The challenge of the high motion threshold in previously known KEPG systems have also stymied their utilization in applications where the size of a KEPG system is less of an issue—for example, in marine power (buoy, marine craft, etc.) applications. In marine applications, moderately calm to slightly choppy waters—the most common marine conditions in the majority of the bodies of water, will typically fail to produce sufficient mechanical disturbances to the marine device or craft to exceed the motion threshold of most KEPG systems.
Thus, it would be desirable to provide an apparatus and method for efficiently generating electrical energy from motion, including routine motion. It would also be desirable to provide an apparatus and method for efficiently generating electrical energy utilizing an oscillating weight with superior acceleration and momentum characteristics relative to its size, to enable advantageous KEPG system utilization regardless of its size. It would further be desirable to provide an apparatus and method for generating electrical energy having a lower motion threshold than previously known KEPG systems.
In the drawings, wherein like reference characters denote corresponding or similar elements throughout the various figures:
The present invention advantageously overcomes the drawbacks and disadvantages of previously known kinetic electrical power generators (hereinafter “KEPGs”) by providing a KEPG utilizing a novel oscillating weight with improved acceleration and performance capabilities resulting in a significantly lower motion threshold than any previously known KEPG, even when the oscillating weight is of relatively small size. In addition, the novel oscillating weight of the present invention may be readily utilized, or adapted for use, in most conventional KEPGs to take advantage of other innovations in particular KEPGs, such as, for example, improved motion conversion assemblies or gear trains, and electrical energy processing and/or storage circuitry. The KEPG may also include an optional transparent or open area to enabling a view of operation of the oscillating weight for decorative purposes.
In the simplest embodiment, the inventive KEPG includes a support structure for retaining and supporting the various components of the KEPG and interconnections thereof, and an electrical energy generation component for generating electrical energy from motion of the KEPG, one or more power interfaces for delivering electrical energy to an external electrical device, and also may include one or more optional components, electrically connected between the electrical energy generation component and the power interface(s) such as optional electrical energy processing units for processing the generated electrical energy, and/or an optional electrical energy storage unit for storing generated electrical energy. The electrical energy generation component includes a transducer for generating electrical energy from rotational motion delivered thereto, and a rotational motion generation component, mechanically connected to the transducer, for generating rotational motion from motion of the KEPG, for delivery to the transducer. The rotational motion generation component includes the novel oscillating weight, for generating oscillating motion in response to motion of the KEPG, a pivot element, mechanically connected to the oscillating weight, for producing a reciprocating radial motion in response to the oscillating motion of the oscillating weight, and a motion conversion component, mechanically connected to the pivot element, for translating the reciprocating radial motion, delivered by the pivot element thereto, into rotational motion for delivery to the transducer.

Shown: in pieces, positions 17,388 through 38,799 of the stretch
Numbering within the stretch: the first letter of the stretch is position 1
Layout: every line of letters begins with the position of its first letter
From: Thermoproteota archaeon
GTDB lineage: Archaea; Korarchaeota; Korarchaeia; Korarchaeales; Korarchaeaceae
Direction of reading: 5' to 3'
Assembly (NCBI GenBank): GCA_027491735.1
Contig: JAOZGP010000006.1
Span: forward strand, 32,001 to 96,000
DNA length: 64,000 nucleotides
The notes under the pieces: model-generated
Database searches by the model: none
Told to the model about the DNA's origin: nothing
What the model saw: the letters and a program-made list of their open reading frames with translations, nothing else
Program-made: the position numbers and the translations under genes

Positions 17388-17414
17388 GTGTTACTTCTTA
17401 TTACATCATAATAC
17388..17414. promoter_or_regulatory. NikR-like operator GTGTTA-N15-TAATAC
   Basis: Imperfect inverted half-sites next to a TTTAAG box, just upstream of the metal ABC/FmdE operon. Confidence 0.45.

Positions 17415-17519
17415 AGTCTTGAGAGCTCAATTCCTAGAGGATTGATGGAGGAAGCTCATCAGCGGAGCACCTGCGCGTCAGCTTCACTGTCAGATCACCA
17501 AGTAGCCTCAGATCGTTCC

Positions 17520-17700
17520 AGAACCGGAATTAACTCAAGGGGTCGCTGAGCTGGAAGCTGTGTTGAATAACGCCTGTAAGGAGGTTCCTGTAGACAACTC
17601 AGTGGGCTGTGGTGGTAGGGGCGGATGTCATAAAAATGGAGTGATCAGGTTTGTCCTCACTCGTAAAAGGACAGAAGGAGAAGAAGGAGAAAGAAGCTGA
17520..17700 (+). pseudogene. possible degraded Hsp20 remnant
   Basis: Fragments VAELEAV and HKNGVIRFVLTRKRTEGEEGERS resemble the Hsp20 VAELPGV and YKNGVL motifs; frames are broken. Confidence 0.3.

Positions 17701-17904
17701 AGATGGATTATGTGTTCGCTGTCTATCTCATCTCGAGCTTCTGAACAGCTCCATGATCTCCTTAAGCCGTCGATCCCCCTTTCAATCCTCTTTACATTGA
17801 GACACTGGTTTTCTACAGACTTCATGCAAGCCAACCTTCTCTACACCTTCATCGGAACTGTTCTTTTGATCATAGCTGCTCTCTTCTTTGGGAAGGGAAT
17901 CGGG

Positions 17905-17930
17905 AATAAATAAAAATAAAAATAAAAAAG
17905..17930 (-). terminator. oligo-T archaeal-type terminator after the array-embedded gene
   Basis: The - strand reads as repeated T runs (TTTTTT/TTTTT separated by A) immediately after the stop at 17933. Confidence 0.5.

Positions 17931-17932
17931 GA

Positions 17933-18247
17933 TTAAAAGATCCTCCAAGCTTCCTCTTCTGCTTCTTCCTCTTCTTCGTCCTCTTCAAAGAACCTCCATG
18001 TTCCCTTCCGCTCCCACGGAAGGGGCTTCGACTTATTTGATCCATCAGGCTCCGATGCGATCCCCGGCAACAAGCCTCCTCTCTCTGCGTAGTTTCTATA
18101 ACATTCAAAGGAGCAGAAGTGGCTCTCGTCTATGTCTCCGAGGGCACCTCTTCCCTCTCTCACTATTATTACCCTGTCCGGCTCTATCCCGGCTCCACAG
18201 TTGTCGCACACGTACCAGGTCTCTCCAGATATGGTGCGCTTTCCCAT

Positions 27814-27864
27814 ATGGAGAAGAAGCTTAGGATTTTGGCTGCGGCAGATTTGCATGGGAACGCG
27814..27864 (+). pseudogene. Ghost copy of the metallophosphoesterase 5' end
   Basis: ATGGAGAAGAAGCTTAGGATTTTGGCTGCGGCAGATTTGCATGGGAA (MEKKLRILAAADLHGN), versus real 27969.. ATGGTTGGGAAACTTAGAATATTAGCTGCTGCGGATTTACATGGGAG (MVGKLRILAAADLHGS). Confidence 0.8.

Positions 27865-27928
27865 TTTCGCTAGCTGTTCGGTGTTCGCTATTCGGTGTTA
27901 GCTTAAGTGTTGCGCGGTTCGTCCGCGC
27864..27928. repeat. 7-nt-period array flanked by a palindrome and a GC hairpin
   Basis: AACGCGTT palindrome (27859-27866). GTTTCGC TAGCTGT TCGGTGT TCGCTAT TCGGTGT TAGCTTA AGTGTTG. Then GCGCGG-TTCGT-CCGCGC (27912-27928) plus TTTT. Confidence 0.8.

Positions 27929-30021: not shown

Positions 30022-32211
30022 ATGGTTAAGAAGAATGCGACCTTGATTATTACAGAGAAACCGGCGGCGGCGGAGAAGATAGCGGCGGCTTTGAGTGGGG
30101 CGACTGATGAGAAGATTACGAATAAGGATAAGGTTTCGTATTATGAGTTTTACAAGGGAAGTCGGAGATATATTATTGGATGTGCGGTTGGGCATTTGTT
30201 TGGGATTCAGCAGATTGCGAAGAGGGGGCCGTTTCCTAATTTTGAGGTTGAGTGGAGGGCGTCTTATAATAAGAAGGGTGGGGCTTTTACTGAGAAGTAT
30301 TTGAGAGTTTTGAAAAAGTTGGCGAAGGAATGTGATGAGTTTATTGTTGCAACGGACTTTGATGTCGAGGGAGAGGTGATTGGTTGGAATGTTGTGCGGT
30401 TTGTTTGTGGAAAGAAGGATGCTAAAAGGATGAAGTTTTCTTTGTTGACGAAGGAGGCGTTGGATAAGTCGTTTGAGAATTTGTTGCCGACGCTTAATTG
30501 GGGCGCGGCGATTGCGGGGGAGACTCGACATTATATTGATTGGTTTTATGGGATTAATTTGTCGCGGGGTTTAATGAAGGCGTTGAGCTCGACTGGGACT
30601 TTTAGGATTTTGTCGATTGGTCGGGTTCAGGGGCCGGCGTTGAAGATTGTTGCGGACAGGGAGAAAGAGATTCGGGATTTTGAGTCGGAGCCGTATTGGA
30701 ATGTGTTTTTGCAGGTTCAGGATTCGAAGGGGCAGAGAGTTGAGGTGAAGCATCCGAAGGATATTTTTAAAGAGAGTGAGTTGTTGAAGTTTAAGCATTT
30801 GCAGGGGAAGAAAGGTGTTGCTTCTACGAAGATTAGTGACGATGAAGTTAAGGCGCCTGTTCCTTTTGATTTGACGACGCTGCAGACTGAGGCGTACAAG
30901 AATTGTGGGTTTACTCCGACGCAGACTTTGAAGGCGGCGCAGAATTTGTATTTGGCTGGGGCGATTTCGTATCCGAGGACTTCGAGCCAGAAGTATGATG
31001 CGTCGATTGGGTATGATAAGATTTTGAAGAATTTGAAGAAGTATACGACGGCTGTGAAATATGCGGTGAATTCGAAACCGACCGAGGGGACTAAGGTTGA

The inventive KEPG may optionally utilize one or more oscillating weights and may also include optional components for processing (e.g. rectifying, transforming, etc.) the produced electrical energy, and an optional electrical energy storage unit for temporarily storing the processed electrical energy, as well as one or more power interfaces for delivering electrical energy to an external electrical device. In an exemplary second embodiment of the inventive KEPG, multiple coupled KEPG sub-systems are utilized for generating, delivering, and/or storing a greater amount of electrical energy than a single KEPG.
The key feature of the novel oscillating weight of the present invention, advantageously utilized in the various embodiments of the present invention, is an internal cavity defined along the length of the weight and in the same plane as the direction of the weight's oscillating motion, and a freely moving acceleration element located in the cavity, that moves within the cavity from one end of the weight to another, in response to a mechanical disturbance (i.e. motion) applied to the oscillating weight. The independent motion of the acceleration element greatly increases the acceleration, the likelihood, the duration, and the momentum of the oscillating weight and enables a greater range of radial motion as well as a significantly lower motion threshold for the weight.